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BISHOP'S SPEECH FOR THE ANNIVERSARY CELEBRATION

A SPEECH
BY
MOST REV. JOSEPH OSEI-BONSU
BISHOP OF KONONGO-MAMPONG
ON THE OCCASION OF THE 20TH ANNIVERSARY
OF THE KONONGO-MAMPONG DIOCESE, THE 20TH
ANNIVERSARY OF THE BISHOP’S EPISCOPATE AND
THE 40TH ANNIVERSARY OF THE BISHOP’S PRIESTLY ORDINATION

On the occasion of the 20th Anniversary of the Konongo-Mampong Diocese, of the 20th Anniversary of my episcopate, and the 40th Anniversary of my priestly ordination, it gives me the greatest pleasure, on behalf of the Konongo-Mampong Diocese and on my own behalf, to welcome you all to this Thanksgiving Mass.

I was ordained a priest on 3 August 1975 together with Fr. Martin Adu, now in Miami, Florida, U.S.A., and Fr. Augustine Barimah of blessed memory, in St. Peter’s Cathedral Basilica by Most Rev. Peter K. Sarpong, at that time Bishop of Kumasi (now Archbishop Emeritus I of Kumasi).  After my ordination I was assigned to the St. Mary’s Parish, Suntresu, Kumasi.  After one year of pastoral work, I was asked to pursue doctoral studies in New Testament in Aberdeen, Scotland.  On completion of my doctoral studies, I was asked by my bishop in 1981 to go and lecture in the Department for the Study of Religions, University of Ghana, Legon.  While there, I also did chaplaincy work for the Catholic Communities at Legon and Kwabenya.

On 17 March 1995, while on a sabbatical leave at the Pontifical Beda College, Rome, I was appointed the first bishop of the Konongo-Mampong Diocese that had been erected on 3 March 1995.  I was ordained a bishop on 28 May 1995 together with Most Rev. Thomas Kwaku Mensah, Bishop of Obuasi (now Archbishop Emeritus II of Kumasi), Most Rev. Philip Naameh, Bishop of Damongo (now Archbishop of Tamale), Most Rev. Anthony Kwami Adanuty, Bishop of Keta, and Most Rev. Gabriel Akwasi Ababio Mante, Bishop of Jasikan.  My installation in Mampong took place on 11 June 1995.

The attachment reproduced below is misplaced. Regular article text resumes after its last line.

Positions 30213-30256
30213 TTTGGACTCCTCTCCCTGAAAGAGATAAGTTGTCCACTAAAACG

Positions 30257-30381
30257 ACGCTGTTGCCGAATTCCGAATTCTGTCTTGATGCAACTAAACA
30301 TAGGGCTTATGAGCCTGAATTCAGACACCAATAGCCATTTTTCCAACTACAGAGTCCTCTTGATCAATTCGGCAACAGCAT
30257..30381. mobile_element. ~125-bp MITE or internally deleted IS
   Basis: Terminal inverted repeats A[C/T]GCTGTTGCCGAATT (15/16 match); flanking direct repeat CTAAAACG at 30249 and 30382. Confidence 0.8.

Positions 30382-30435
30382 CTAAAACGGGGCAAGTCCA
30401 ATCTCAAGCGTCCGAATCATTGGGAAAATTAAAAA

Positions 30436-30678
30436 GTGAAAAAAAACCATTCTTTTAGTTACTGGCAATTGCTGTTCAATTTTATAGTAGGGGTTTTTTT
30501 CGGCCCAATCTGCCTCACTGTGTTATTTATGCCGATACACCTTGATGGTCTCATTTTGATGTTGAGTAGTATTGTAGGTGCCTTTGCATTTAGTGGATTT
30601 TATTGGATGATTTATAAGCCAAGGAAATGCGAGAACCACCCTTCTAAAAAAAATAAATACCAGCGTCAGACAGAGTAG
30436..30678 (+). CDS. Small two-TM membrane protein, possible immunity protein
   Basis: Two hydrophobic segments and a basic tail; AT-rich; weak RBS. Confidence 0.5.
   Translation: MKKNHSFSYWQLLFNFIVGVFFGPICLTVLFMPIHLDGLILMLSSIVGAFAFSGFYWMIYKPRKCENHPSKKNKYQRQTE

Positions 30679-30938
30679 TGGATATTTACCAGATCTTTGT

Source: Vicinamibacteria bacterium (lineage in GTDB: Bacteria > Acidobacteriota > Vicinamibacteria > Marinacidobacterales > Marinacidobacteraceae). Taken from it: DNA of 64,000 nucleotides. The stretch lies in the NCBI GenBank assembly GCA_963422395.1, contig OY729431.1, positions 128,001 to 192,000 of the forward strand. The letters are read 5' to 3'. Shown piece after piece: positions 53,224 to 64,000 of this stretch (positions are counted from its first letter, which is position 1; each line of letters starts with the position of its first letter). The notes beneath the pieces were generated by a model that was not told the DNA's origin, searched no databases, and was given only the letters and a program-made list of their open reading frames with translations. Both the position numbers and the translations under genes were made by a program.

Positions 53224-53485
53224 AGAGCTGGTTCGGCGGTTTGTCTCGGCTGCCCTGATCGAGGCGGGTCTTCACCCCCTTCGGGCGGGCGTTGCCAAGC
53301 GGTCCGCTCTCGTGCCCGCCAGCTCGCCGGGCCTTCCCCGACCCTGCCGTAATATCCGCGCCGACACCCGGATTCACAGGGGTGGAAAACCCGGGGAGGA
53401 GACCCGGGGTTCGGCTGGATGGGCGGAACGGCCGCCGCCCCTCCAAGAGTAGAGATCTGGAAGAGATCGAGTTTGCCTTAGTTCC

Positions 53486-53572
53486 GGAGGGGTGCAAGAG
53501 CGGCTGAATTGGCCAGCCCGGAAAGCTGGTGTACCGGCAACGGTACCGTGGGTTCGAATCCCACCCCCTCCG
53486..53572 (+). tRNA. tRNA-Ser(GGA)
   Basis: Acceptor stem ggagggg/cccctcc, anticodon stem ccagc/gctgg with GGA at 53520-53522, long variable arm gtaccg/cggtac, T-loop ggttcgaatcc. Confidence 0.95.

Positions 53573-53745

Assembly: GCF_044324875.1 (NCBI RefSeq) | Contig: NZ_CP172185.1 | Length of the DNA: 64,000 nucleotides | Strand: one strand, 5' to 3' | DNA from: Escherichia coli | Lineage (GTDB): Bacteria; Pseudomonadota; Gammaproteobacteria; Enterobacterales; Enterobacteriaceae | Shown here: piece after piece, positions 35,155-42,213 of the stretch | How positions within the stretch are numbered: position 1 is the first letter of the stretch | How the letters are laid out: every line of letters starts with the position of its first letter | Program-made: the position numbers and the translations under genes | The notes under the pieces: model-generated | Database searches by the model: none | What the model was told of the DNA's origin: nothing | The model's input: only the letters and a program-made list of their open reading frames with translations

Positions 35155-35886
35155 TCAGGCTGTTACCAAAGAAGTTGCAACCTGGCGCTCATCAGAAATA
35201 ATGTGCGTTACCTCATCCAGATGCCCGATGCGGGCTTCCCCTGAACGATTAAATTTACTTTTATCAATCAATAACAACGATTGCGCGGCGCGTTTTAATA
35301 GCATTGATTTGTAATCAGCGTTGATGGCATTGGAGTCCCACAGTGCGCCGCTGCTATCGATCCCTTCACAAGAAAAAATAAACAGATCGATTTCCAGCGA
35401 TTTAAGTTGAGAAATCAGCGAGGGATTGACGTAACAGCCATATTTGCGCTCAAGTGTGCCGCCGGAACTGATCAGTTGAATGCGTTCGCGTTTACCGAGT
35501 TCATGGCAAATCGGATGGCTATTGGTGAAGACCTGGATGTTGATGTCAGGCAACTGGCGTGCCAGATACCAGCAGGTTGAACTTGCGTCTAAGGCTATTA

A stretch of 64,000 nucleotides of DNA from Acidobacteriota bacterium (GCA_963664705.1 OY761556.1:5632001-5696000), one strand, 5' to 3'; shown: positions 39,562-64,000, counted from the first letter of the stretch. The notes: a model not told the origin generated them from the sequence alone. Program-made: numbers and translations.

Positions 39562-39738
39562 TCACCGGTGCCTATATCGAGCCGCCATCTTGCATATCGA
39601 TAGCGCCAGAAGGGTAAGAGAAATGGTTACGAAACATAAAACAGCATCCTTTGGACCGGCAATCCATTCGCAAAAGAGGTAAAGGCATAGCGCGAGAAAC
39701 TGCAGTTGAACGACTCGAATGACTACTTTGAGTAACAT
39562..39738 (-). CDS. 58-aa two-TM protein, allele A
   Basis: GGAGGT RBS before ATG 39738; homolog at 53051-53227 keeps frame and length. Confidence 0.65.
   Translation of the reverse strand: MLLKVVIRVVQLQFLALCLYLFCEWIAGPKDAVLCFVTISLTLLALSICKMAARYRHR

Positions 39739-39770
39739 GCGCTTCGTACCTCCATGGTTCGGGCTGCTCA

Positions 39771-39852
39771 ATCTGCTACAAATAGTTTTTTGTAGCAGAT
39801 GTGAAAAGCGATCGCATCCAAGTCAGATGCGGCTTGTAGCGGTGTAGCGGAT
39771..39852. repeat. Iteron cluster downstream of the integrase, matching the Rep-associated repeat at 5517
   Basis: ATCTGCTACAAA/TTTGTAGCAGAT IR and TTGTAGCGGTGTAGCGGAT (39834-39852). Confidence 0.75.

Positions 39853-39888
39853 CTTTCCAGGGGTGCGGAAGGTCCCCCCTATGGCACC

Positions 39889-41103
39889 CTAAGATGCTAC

As we meet here today to celebrate 20 years of the existence of the Diocese, 20 years of my episcopate and 40 years of my priestly ordination, I would like you to join me in giving thanks to the Almighty God for all the graces that he has showered on the Diocese and on me during all these years.

By the grace of God the Diocese has seen some growth.  We started off with 18 parishes and rectorates in 1995.  These included Atebubu and Yeji in the Brong Ahafo Region, now part of the Techiman Diocese.   Now there are 49 parishes, rectorates and Mass centres.  In 1995 there were 36 priests; now there are 94.  Indeed, with five deacons going to be ordained in July this year, the number of diocesan priests will be 99!

New congregations have come into the diocese.  These include the Daughters of Charity of St. Vincent de Paul in Drobonso, the Dominicans (both men and women in Besease and Donyina respectively), the Redemptorists in Besease, and the Josephites and the Missionaries of Africa in Ejisu.  Later this year we expect the Presentation Sisters based in the Gambia to go to the St. Augustine’s Parish, Agogo, Asante-Akim, to open and run a school.  We also expect the OLA Sisters to go to Bepoase to take charge of the Sacred Heart Clinic and Maternity there, and the Carmelites to go to the St. Michael’s Parish, Ahenkro, to open and run a school there.

The last twenty years have also seen the coming into existence of the St. Joseph’s Seminary, which is part of the St. Joseph’s Senior High School in Mampong.  The Lord has blessed us with a lot of vocations to the priesthood, with 55 major seminarians currently in our major seminaries. Many priests have undertaken Master’s, licentiate and doctoral studies in Europe, the United States of America, Canada and Australia.  The Spiritan Institute that started as a formation centre for men pursuing the priesthood in the Congregation of the Holy Spirit is now a University College open to all qualified men and women.  We pray that it will one day become a full-fledged university.

The formation of the laity and the youth continues with an active Diocesan Laity Council and a vibrant Diocesan Women’s Council that coordinate the activities of the laity, the youth and the various women’s societies.  The period under consideration has also seen the coming into existence of the Men’s Society, which is gradually spreading to many parishes.